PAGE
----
It's been more than a decade since voters agreed to invest millions of dollars into local schools, and News 9 is asking what happened to all that money.
MAPS for Kids was approved in 2001 and the $514 million program promised hundreds of construction, transportation and technology projects, all for the benefit of Oklahoma City's public school students. Voters also approved a $180 million bond issue to fund additional projects.
The temporary sales tax was collected for seven years with 70 percent disbursed to Oklahoma City Public Schools and 30 percent to suburban school districts including Edmond, Norman, and Yukon.
News 9 has learned money from MAPS for Kids is still being spent on new or updated buildings and fresh technology for classrooms.
Jim Burkey, Chief Operations Officer for Oklahoma City Public Schools, says many projects are still ongoing despite some delays and roadblocks along the way.
As of mid-August, 42 new or renovated school projects are complete. Burkey says three projects will be finished sometime next month, and 20 other sites are still under construction. Five more schools are still in the planning stages. Most of the construction should be wrapped up by 2014, according to Burkey.
There have been challenges.
Construction is behind schedule at Nichols Hills Elementary, and students were forced to report to a different location for the first day of the new school year.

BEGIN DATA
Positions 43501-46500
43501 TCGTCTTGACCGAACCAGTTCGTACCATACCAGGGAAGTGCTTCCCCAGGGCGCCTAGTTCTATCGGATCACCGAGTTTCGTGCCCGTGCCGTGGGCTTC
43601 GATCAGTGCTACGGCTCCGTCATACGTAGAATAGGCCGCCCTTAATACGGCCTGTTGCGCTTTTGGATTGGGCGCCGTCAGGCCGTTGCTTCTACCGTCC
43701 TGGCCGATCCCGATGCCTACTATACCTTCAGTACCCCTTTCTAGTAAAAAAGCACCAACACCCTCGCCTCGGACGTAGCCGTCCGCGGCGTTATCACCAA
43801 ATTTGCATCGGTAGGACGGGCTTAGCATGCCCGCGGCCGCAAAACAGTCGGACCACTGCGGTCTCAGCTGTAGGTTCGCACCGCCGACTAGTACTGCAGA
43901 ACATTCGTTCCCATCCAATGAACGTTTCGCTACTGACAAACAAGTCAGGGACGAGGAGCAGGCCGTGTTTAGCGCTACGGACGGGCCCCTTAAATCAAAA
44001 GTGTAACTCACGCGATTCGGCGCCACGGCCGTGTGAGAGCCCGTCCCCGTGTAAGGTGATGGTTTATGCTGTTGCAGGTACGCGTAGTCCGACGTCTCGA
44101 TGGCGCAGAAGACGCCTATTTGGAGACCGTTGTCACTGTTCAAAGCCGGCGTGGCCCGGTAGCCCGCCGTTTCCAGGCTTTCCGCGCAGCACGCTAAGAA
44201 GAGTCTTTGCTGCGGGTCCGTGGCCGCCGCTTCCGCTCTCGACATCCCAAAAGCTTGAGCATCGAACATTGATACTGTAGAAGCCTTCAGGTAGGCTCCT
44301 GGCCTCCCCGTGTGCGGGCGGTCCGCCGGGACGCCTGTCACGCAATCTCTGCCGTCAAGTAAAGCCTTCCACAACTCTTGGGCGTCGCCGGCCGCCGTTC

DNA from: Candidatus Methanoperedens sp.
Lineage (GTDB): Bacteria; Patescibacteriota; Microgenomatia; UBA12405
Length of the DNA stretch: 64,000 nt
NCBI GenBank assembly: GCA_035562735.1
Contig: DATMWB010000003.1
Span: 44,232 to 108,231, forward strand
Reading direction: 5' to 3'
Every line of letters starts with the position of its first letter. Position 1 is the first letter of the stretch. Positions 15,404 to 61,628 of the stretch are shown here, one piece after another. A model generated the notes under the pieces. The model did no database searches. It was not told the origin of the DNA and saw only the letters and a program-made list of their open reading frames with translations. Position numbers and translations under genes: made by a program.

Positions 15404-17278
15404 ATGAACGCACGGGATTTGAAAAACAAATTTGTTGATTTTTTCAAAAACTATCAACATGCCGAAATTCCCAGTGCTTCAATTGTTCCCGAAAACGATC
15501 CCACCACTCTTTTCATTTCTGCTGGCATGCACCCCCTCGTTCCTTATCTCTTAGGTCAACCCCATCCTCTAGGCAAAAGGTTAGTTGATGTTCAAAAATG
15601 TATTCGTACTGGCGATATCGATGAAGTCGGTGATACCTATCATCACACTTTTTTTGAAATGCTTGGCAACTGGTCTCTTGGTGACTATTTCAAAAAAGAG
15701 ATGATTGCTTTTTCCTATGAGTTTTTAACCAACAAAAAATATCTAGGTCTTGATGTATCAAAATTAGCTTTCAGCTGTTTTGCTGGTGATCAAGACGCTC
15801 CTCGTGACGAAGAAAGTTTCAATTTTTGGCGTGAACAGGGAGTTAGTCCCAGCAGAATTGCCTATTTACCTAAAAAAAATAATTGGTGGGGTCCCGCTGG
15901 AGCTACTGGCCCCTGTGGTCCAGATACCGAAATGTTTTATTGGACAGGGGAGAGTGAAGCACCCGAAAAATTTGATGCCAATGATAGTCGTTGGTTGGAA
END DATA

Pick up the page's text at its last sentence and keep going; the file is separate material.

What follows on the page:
"Most of the parents that I talked to are just frustrated that they didn't get information out to us sooner," Christi Rosell, mother of a 3-year-old student at the school, said.
This isn't the first time the district has had to do this. Construction on MAPS for Kids projects routinely runs behind schedule.
"Anything from supplies to manpower to weather; there's a lot of different factors that come into play in regards to construction," Oklahoma City Public Schools spokesperson Tierney Tinnin said.
MAPS for Kids also promised new buses.
Following the vote, Oklahoma City Public Schools purchased 65 new buses to replace old and worn out buses in the fleet. The district is still replacing the buses every six years, instead of every 10 years, according to Transportation Director Scott Lane. He also credits the passing of a 2007 bond issue for keeping the buses new and outfitted with cameras and GPS equipment.
Technology was also another promise that came with MAPS for Kids.
Fifty-two-million dollars went toward thousands of new computers, laptops, and technology that are still being upgraded today.
"Right now most of the money is being spent on infrastructure" said Oklahoma City Public Schools Chief Information Officer George Kimball. "That includes wiring for the buildings, phones for every classroom, and security for the computers."
Kimball says there are 23 projects going on right now involving new technology, and it's going to cost additional funds to keep all those new computers and laptops updated.
"In the future we'll still need to look at bond issues for replacement computers," Kimball said.